Celebrated Canadian author Wayson Choy will be honoured as this year's recipient of the George Woodcock Lifetime Achievement Award for his contributions to B.C. literature.
The literary honour recognizes B.C. authors who have an exceptional literary career, with contributions spanning several decades.
The award, co-sponsored by the Writers' Trust of Canada and Dr. Yosef Wosk, will be presented at the Vancouver Public Library central branch (350 West Georgia) tonight (June 11) at 7 p.m. Choy, the 22nd recipient of the award, will receive $5,000 and a plaque added to the library's Writers Walk of Fame.
Previous winners include Alice Munro, W.P. Kinsella, David Suzuki, and Jean Barman.
“I'm proud to have my pioneer Chinatown stories—and my own personal ones—recognized as part of the shared literary history of all Canadians,” Choy stated in a news release.
“His works over the years have served as a critical thread in B.C.’s diverse literary fabric,” Vancouver Public Library chief librarian Sandra Singh stated. “His stories connect us, help us understand our city's past, and let us see life through a different perspective. He has helped tear down barriers between cultures and generations.”
Choy's experiences, including growing up in Chinatown and his Chinese Canadian heritage, coming out as gay, discovering he was adopted, and near-death experiences, have served as inspiration for his writing.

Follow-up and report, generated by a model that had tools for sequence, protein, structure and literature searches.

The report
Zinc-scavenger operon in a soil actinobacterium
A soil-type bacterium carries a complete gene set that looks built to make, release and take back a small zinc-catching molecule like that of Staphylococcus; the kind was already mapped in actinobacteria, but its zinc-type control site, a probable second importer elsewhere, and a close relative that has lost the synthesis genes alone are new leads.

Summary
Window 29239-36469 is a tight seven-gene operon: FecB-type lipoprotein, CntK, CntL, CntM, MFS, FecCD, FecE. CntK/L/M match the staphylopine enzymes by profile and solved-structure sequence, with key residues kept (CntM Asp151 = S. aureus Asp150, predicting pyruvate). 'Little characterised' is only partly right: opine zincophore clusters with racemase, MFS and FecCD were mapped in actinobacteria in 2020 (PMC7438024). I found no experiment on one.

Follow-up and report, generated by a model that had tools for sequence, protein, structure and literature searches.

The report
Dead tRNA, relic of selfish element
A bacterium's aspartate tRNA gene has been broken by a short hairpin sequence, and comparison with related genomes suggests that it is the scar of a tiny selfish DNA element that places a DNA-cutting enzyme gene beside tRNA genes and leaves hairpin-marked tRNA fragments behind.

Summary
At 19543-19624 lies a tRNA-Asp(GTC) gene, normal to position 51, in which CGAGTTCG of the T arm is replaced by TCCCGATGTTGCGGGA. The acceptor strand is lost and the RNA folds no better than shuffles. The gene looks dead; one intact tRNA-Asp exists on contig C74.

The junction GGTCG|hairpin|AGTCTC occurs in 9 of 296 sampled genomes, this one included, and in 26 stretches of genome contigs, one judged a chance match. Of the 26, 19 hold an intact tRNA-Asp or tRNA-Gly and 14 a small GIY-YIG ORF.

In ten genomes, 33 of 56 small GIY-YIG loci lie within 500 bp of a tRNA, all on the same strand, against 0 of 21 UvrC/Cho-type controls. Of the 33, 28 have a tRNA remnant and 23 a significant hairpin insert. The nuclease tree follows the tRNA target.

Choy, who grew up in Vancouver's Chinatown in the 1940s, was the first Chinese-Canadian student to enroll in a University of British Columbia creative writing class, where he began to work on The Jade Peony. The 1995 bestselling novel, narrated by three Chinese Canadian siblings growing up in Vancouver's Chinatown during the Depression and Second World War, won the City of Vancouver Book Award in 1995.
In 2002, The Jade Peony was chosen for the inaugural One Book, One Vancouver, a city-wide book club.
Choy followed up the fictional The Jade Peony with the non-fiction work Paper Shadows: A Memoir of a Past Lost and Found in 1999, in which he returned to explore Chinatown and his own ancestry, as well as his discovery that he was adopted.
The Jade Peony continued to inform his work for his 2004 novel All That Matters, a prequel and sequel to The Jade Peony.
While working on All That Matters, Choy faced a combined asthma and heart attack in 2001, and then suffered a heart failure in 2005. He reflected upon these near-death experiences in his 2009 book Not Yet: A Memoir of Living and Almost Dying.
Among his other honours, he won the Trillium Book Award twice (1996 and 2005), the Edna Staebler Award for Creative Non-Fiction (1999), and the Project Bookmark Canada award (2012). He was named a member of the Order of Canada in 2005. He has also been featured in two documentaries: Wayson Choy: Unfolding the Butterfly and Searching for Confucius.
Choy now lives in Toronto and teaches creative writing at Humber College.